Warner said he changed his mind after realizing that an increasing number of D.C. residents commute for work to Virginia. He previously had been worried that as a state, Washington could impose a commuter tax on Virginians driving into the nation’s capital for jobs. Warner said the reverse-commute pattern will only grow when Amazon expands into Northern Virginia.
“It was just time,” he said in an interview. “I do think the Amazon decision helps because we’re trying to continue to promote a regional economy.”
Amazon founder Jeffrey P. Bezos owns The Washington Post.
D.C. Mayor Muriel E. Bowser (D), who met with Warner on Capitol Hill as part of a lobby day for statehood, said that she had been courting him for a long time and that his reversal “completes the Democratic Virginians that are supporting D.C. statehood.”
She added: “We are not asking for a handout. We take care of ourselves in Washington, D.C. . . . We are demanding our rights as American citizens.”
The statehood bill — introduced by Del. Eleanor Holmes Norton (D), the District’s nonvoting representative, last month — has 198 co-sponsors in the House.
Sen. Thomas R. Carper (D-Del.) introduced the identical bill in the Senate on Thursday with 30 co-sponsors, all Democrats.
“Unfortunately, ‘taxation without representation’ is not just something students read about in history books; it is the current reality for the over 700,000 people living in the District of Columbia,” Carper said in a statement.
Hoyer, the influential second-highest-ranking House Democrat, who has spent nearly four decades in office, Wednesday declined to comment through a spokeswoman about his refusal to support the bill.
In coordination with House Speaker Nancy Pelosi (D-Calif.), Hoyer decides which bills go to the floor. He previously said he would not stop lawmakers from voting on statehood but declined to say if he would be one of them.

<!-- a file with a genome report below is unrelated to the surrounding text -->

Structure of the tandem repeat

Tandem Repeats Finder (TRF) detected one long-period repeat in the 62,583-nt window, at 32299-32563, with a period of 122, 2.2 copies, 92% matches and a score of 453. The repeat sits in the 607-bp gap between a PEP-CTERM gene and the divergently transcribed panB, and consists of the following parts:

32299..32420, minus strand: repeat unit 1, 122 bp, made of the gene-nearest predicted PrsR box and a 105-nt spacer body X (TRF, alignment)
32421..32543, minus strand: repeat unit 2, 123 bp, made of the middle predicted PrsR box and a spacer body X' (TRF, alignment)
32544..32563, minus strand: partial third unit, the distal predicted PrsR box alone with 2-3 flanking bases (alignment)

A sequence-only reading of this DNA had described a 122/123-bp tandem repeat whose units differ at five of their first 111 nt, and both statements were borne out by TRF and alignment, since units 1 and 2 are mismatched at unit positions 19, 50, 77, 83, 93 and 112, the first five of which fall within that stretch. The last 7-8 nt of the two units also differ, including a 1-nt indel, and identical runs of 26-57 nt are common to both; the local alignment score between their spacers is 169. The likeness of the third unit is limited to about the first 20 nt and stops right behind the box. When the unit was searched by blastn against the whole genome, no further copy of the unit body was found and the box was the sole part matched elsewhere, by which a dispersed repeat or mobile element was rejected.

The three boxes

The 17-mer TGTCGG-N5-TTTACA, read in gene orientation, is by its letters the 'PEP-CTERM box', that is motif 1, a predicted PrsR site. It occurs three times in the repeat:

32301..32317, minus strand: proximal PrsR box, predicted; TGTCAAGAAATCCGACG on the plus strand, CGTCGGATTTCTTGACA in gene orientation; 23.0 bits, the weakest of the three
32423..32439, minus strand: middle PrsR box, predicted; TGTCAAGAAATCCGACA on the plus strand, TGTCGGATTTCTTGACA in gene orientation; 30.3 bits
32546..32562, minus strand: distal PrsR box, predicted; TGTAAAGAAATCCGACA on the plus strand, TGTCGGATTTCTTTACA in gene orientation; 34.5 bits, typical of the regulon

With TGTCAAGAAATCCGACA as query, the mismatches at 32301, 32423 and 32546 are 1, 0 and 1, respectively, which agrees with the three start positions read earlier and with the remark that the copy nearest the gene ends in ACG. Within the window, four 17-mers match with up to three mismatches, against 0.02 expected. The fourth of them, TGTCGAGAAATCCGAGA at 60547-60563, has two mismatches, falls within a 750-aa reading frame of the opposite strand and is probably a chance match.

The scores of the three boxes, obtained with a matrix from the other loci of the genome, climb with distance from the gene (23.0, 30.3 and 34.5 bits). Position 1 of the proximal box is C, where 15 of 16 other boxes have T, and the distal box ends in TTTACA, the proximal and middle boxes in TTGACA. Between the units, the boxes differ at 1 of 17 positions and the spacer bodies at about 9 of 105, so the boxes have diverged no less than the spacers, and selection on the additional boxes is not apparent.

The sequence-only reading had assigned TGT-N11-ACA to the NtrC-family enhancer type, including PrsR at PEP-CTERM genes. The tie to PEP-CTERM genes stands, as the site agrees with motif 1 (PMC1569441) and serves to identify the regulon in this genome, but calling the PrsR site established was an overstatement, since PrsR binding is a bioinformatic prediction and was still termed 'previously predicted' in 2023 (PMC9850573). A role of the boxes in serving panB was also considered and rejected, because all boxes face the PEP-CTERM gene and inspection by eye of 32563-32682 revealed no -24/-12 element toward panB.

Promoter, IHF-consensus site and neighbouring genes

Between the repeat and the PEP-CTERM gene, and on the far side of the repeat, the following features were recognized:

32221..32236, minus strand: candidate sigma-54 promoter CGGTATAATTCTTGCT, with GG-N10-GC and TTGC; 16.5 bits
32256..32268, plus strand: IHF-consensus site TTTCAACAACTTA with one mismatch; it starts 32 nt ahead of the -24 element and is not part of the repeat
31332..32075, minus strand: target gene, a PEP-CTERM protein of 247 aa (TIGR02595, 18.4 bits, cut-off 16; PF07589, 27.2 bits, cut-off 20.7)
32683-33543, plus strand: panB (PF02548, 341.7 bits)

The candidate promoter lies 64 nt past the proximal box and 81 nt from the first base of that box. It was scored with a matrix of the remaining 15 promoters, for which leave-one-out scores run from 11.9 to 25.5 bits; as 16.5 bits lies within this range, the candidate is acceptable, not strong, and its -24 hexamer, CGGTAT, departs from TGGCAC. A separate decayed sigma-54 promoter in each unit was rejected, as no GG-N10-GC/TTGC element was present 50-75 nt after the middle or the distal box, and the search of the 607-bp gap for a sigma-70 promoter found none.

In an interview after Democrats won the majority last year, Hoyer said carving out a federal district and determining the boundaries of a newly created state would be complicated.
“However, I think it’s inexcusable and a blot on our democracy that 700,000 of our citizens don’t have full voting rights,” he said at the time.
Even if the statehood bill passes the Democratic-controlled House, it is unlikely to go anywhere in the Senate while Republicans hold the majority.
Warner, vice chairman of the Senate Intelligence Committee, signed on to the bill at a time when it is gaining support from Democrats with national ambitions and progressives who have framed statehood as a civil rights issue.
The House next week is expected to endorse the concept of D.C. statehood as part of H.R. 1, a sweeping package of voting rights, campaign finance and ethics reform initiatives.
Pelosi last month issued a lengthy statement support of statehood legislation.
Further, all of the senators who are running for president are co-sponsors, including Cory Booker (D-N.J.), Kirsten Gillibrand (D-N.Y.), Kamala D. Harris (D-Calif.), Amy Klobuchar (D-Minn.), Bernie Sanders (I-Vt.) and Elizabeth Warren (D-Mass.).
“Statehood is really a very solid part of the progressive zeitgeist of the Democratic Party,” said Bo Shuff, who leads the statehood advocacy group D.C. Vote.
In a CNN town hall Monday, Beau Finley, a Cleveland Park Advisory Neighborhood Commissioner backed by the Democratic Socialists of America, asked Sanders about the issue.
Sanders, who noted Vermont has fewer residents than the District, said it would be hypocritical to oppose statehood. He added that Republicans resist statehood because D.C. voters probably would elect two U.S. senators who are Democrats.
“I hope that my Republican colleagues do the right thing,” he said. “People . . . are entitled to representation in Washington.”
Activists said statehood is good for the region because future D.C. senators probably would provide two more votes to protect the Potomac River and Chesapeake Bay and advocate for Metro funding.
“[Warner] is being a good neighbor now, and that’s a good thing,” said Josh Burch, a grass-roots D.C. activist who voted for Warner as a student at Virginia Tech.
Warner was governor from 2002 to 2006, when his brand as a self-proclaimed “radical centrist” allowed him to court voters that Democrats had ignored in rural southwest and Southside Virginia.
The state has steadily moved to the left and reliably votes for Democrats statewide — a shift critics said Warner failed to grasp during his 2014 reelection campaign, which he narrowly won against Republican Ed Gillespie.